Home > Chasing Impossible (Pushing the Limits #5)

Chasing Impossible (Pushing the Limits #5)
Author: Katie McGarry




    It’s what I expect someone to mumble as they walk by, but we’re in Louisville and the odds of me running into anyone from Bullitt County High School are low.

    The waitress smiles at me when she refills my water and our eyes meet. She’s pretty. Maybe a year or two older than me. Her hair is long, but Abby’s is longer. Her eyes are brown, but Abby’s are darker. Thinking of Abby causes me to consider asking this girl out. The waitress wouldn’t be the first college girl I’ve dated and she wouldn’t be the first girl I’ve taken out because I’ve got Abby on the brain.

    I wink, the waitress blushes, my mother nudges my arm in approval.

    We’re at Applebee’s. All three TVs over the bar show the Reds game, and thanks to the last home run, the people in the stands are going wild. It’s crowded here, most places in Louisville are, yet my glass has never been empty. Yeah, the waitress is interested, but I’m not sure if I am.

    On my left, my father tilts his head toward the guy who’s smiling like a Cheshire cat. If I should so choose, this guy could be my new baseball coach, and me flirting with a girl has to be a hell of a lot less awkward and more normal for him than what we have been discussing—my diabetes.

    Type 1 to be exact and it’s obvious by how this guy continually shifts that I must be the first potential player he has had with the disease. Bet he’s regretting asking me to lunch so he could convince me to play for him. This all leads back to traitor.

    “Logan’s mother and I wanted to thank you for helping us get the approval from the athletic commission for Logan to continue to play baseball.” Dad always refers to him and Mom as separate. They divorced when I was six, but most of the time they’ve found a way to stay amicable.

    “Yes,” Mom chimes in. “You’ve been very helpful.”

    Mom has no idea what Coach Reynolds was helpful with, but she likes to feel included. Dad sighs when Mom goes overboard in the gratitude department—thanking him for his time, for this lunch, for being here. Mom’s a free-spirited talker and Dad’s the quiet, responsible one.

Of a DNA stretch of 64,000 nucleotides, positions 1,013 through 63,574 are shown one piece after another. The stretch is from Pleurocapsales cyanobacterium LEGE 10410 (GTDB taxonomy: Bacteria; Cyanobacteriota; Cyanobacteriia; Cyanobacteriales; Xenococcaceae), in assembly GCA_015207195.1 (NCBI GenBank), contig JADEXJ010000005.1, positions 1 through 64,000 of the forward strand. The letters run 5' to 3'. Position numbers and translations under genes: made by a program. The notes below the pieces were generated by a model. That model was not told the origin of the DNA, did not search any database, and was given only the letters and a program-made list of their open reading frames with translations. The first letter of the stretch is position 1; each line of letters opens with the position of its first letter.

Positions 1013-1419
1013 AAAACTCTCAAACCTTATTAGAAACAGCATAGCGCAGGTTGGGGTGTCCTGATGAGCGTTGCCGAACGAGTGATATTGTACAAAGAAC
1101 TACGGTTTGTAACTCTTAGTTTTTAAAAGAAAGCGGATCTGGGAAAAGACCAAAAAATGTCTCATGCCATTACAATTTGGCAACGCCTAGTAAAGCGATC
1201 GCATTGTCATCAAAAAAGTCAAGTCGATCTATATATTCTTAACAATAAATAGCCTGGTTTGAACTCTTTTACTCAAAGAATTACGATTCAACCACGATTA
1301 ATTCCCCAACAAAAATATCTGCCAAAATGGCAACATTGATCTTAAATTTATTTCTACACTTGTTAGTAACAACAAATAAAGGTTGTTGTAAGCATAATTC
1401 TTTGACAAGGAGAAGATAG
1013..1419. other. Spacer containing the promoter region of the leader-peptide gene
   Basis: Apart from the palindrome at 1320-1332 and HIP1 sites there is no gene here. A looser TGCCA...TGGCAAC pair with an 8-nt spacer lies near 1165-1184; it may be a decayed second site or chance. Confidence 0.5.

Out of those traits, I inherited Dad’s conversational skills and Mom’s need for a rush. I’ve also got Mom’s brown eyes, Dad’s black hair, and a body that doesn’t produce insulin. Mom blames Dad for that, saying his negativity must have blocked one of my chakras in the womb. Dad says Mom needs her head examined. I’m with Dad on this one.

    “When’s your birthday?” Mom asks the coach. “It’ll help me figure out what stars you were born under.”

    “Once again, thanks for your help.” Dad jumps in to save the conversation. He’s good at keeping joint parental meetings from making an unscheduled detour into Mom’s fascination with crazy. “The state doesn’t usually like it when students switch schools.”

    “Wasn’t much of a problem. You share custody.” Coach Reynolds points the knife he had cut his hamburger with in Mom’s direction. “And you live in our district.”

    It also didn’t hurt that this guy wants me on his team. This lunch—I feel for him because it’s possibly in vain. I told Dad at the end of last season I wasn’t playing baseball again, but he went after the commission’s approval anyhow in case I changed my mind.

    Given my track record on things, he’s not wrong. My day-by-day attitude drives Dad insane. This time around, I’m firm on a decision. I have a goal for this summer and training camps, drills and commitments to weekend-long tournaments aren’t in the plan. Late nights, crowded bars, a guitar, and a trip to Florida at the end of the summer are in my sights.

    “It didn’t hurt that Bullitt County High was encouraging during the process,” Coach Reynolds continues. “There aren’t many schools in the state that can surpass Eastwick’s academics.”

    And there aren’t many schools that can surpass Eastwick in sports, but my teammates from Bullitt County High and I made Eastwick cry in the state tourney this past spring. Back in May, Coach Reynolds cursed loud enough for the crowd in the stands to hear as I successfully protected home plate three times in a row—as I cost his team the state championship.

    “Academics is why I’m switching schools.” After Bullitt High informed my parents that my senior year would be me, a laptop, and the library, my parents switched me to Eastwick. Me and idle time have never been a good combination. Usually ends up with me in detention, suspended, in the hospital, and once in handcuffs. In my defense, the cow followed me home so I don’t consider that stealing.

    Coach Reynolds cocks his head in amusement. “Of course academics is your priority. I would expect nothing less.”

    He thinks I’m being cryptic, but I’m not. Dad told him I was considering retiring and this lunch was meant to convince me to change my mind. On the record, according to Coach Reynolds, it’s not that type of lunch. Just a meet and greet. Recruitment is illegal, but that doesn’t stop it from happening.

    “Did you know that Logan finished all the courses Bullitt County High had to offer in his junior year?” Mom pipes up.

    “I did.” Coach Reynolds smiles while sipping his Coke. “I’ve also heard he has exceptional ACT and SAT scores. Had a talk with your guidance counselor. She told me about the summer institutes you’ve been asked to attend. If you play summer ball for us, I promise practices and games will never interfere with any of that.”

    Dad watches my reaction. He doesn’t get worked up by much. Believes what I do in my spare time is my hobby to choose, but me going to college—that’s his dream. Dad finished high school and isn’t quiet about wanting more for me than minimum wage and backbreaking work. These summer institutes promise potential college interviews.

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